Daily meditation is something we know is helpful to addiction recovery. In fact, if you’re familiar with the 12 Steps, Step 11 is:
“Sought through prayer and meditation to improve our conscious contact with God as we understood Him, praying only for knowledge of His will for us and the power to carry that out.” (emphasis mine)
Many people of varying religious traditions may be quite familiar with prayer, but meditation might be something new for you, especially depending on your culture or spiritual background.
When I began my recovery, meditation was something that was hard for me to get into. I didn’t have a background in it, and whenever I thought of meditation, I pictured someone sitting in the lotus position for an hour trying desperately to clear their mind of all the stray thoughts that kept cropping up. It didn’t seem helpful or even possible, really.
But these days, after having experienced real benefits to daily meditation, I’m a believer. I also know meditation doesn’t have to be difficult.
If you’re like me, I hope you find these resources to be helpful in getting you started. These resources took me from zero meditation to meditating daily for an hour almost effortlessly.
They’re in no particular order, although I saved my favorite for last. I’m going to start with books and move to the audio resources I like.
I’d also point out that, even if you aren’t a recovering addict and are just looking for resources to get you into a solid meditation routine, these resources will be just as good for you.
There are several books and resources on the practice of centering prayer (also called contemplative prayer, although technically they are different), and I’m sure many of them are good. I’ve read several, myself, and all of them have been helpful. So, if you don’t like my recommendation or it just doesn’t resonate with you, there are plenty of resources on this topic that might be a better fit, and I encourage you to keep looking into it.
Depending on your spiritual background, you are probably familiar with the kind of prayer where you talk to your Higher Power. At base, this is basically what prayer is.
You may also be familiar with listening prayer – a phase of prayer where you are not talking but are internally attentive to thoughts or insights that are coming from your communion with your Higher Power.
Centering prayer is the practice of simply being silent and being with your Higher Power, allowing the simple sharing of each others’ presence to do its work. An analogy might be how two people who have a very intimate relationship can simply be present with one another, and that experience can grow their relationship.
The book that made it click for me is Cynthia Bourgeault’s Centering Prayer and Inner Awakening, and that’s my recommendation to you. As I said, there are many books on this topic, and every one I’ve read has been helpful, so you really can’t go wrong. This is the one that really helped me get going with this practice.
Like most books on this topic, this is coming from a Christian perspective, which is also where I’m coming from, but it can easily work with other views of God.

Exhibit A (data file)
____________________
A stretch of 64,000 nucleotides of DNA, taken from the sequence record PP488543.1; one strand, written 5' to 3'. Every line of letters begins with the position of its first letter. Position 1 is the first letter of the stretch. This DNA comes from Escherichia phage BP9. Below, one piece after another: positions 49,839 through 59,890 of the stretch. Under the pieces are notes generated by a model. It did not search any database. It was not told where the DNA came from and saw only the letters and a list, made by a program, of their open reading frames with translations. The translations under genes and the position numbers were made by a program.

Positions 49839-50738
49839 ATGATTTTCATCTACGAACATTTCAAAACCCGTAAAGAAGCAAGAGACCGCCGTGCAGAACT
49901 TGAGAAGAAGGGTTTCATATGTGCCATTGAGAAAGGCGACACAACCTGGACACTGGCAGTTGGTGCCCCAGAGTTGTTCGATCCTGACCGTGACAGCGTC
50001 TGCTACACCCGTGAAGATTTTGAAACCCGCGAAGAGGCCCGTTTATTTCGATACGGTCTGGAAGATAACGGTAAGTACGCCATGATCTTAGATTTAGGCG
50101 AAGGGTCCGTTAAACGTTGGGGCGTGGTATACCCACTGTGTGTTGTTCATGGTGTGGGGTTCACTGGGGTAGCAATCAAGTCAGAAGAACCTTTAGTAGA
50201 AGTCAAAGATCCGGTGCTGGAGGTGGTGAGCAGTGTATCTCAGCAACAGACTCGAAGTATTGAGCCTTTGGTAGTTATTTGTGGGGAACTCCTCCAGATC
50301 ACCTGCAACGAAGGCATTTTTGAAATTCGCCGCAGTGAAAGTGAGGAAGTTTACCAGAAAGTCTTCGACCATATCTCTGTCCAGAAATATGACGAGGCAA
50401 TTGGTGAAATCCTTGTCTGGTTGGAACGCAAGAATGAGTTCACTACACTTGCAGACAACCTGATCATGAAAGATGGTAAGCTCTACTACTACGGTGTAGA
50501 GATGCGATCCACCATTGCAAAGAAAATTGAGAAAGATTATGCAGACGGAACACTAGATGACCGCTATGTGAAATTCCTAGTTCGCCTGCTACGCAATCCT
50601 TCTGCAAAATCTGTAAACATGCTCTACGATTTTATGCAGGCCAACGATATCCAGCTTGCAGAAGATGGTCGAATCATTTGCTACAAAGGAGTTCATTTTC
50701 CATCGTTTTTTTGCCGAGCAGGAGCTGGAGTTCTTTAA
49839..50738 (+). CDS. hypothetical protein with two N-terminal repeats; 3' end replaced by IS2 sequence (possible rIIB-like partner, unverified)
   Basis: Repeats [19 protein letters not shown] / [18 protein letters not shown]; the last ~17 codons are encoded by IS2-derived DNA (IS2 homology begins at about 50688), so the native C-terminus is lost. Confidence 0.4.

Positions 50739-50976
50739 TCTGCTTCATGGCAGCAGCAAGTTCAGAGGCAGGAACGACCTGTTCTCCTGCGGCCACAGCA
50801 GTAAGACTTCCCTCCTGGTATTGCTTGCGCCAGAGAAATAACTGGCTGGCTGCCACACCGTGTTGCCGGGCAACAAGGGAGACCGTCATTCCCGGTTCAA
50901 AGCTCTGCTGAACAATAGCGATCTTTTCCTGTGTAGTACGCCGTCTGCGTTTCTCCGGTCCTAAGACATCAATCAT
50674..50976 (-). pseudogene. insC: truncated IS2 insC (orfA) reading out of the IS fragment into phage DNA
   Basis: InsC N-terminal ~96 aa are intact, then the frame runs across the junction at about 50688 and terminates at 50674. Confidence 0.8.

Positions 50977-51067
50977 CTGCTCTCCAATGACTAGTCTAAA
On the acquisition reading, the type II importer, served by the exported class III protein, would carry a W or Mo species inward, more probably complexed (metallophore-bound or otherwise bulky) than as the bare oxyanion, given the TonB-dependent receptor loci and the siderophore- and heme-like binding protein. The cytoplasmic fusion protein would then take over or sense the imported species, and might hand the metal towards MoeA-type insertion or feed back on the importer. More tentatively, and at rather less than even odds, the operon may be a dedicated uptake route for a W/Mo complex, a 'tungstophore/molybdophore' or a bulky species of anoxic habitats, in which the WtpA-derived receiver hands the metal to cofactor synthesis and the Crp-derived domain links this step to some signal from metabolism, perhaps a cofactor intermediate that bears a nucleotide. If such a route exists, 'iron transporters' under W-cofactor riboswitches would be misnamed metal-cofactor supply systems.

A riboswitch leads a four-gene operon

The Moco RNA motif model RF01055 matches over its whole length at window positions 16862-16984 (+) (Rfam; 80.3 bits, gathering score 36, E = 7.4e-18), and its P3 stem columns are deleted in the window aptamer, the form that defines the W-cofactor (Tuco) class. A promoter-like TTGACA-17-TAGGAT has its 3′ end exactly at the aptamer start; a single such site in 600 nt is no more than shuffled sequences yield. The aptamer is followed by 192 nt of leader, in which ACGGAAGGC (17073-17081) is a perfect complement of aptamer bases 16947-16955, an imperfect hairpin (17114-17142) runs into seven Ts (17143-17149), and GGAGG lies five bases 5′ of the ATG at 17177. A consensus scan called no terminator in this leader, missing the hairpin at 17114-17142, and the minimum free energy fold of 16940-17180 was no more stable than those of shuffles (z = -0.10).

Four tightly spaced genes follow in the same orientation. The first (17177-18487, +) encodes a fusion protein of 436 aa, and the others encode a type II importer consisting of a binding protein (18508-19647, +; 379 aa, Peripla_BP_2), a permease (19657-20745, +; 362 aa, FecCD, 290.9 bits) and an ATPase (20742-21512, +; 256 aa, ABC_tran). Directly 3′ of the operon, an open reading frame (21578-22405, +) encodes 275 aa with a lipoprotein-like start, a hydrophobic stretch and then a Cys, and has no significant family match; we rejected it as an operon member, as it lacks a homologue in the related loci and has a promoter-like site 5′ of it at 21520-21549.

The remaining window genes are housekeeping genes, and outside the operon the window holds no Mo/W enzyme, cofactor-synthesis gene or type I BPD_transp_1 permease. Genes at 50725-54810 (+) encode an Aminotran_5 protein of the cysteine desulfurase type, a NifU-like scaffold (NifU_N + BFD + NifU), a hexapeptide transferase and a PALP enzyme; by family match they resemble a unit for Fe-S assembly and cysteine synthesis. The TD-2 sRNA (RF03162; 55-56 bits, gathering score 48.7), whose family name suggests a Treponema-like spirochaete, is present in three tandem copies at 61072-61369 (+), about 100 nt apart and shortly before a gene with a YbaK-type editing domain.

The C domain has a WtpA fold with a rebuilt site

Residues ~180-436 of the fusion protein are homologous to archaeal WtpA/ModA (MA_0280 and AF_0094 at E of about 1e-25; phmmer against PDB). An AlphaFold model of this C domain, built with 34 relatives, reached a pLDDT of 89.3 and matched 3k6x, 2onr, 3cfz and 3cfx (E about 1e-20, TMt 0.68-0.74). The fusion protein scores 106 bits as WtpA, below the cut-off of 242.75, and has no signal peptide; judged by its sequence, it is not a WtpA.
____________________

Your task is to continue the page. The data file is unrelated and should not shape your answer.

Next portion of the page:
If a belief in a Higher Power is not something you share or is part of your recovery, the practice of centering prayer is probably not your cup of tea, but keep reading, because I’ve got some resources for you, too.
Mindfulness and the 12 Steps
Whatever your feelings are about Buddhism, I think we can all agree that they know a thing or two about mindfulness and meditation.
The book Mindfulness and the 12 Steps by Thérèse Jacobs-Stewart is a very accessible book on addiction recovery meditation and increasing mindfulness. Although the book presents the Buddhist practice of mindfulness, it is not an “evangelistic” book about Buddhism and non-Buddhists will be able to use this material on their own with no problem.
This is a very helpful book on meditation and mindfulness and explicitly connects the exercises and practices with 12 Steps, but it does so from a perspective that does not bring a Higher Power into the practices. Of course, if you have a Higher Power, you can easily bring that into these practices as well, but Jacobs-Stewart does not.
Because of this, the book is sort of spiritually general, which may be attractive to some and unattractive to others. It is just as useful to a flat out atheist as it is to a Buddhist, and with some tweaking on your own is also useful to recovering addicts who are theists.
For those who are looking for a more explicitly Buddhist recovery practice, you might enjoy Darren Littlejohn’s The 12-Step Buddhist.
This is getting more toward the “prayer” side of things than the “meditation” side of things, and I recognize that.
But if you are maybe a little leery of meditation or you’d like to work on something a little more transitional than diving right into meditation, the practice of listening prayer is probably for you.
Listening prayer is more or less exactly what it sounds like. In listening prayer, you stop talking to your Higher Power and become quiet and attuned for thoughts, impressions, and insights that come from your time together. If you believe your Higher Power speaks to you in any sense, this is about creating the space and the right frame of mind and spirit for that to happen.
Listening prayer is a good transition into meditation because it teaches you how to be quiet, receptive, and focused in your spiritual practice while still being in the “prayer” category without having to dive into a full-blown meditation exercise.
Most resources in this area are coming from a Christian perspective but, just like with centering prayer, many of them can just as easily apply to different ideas about your Higher Power.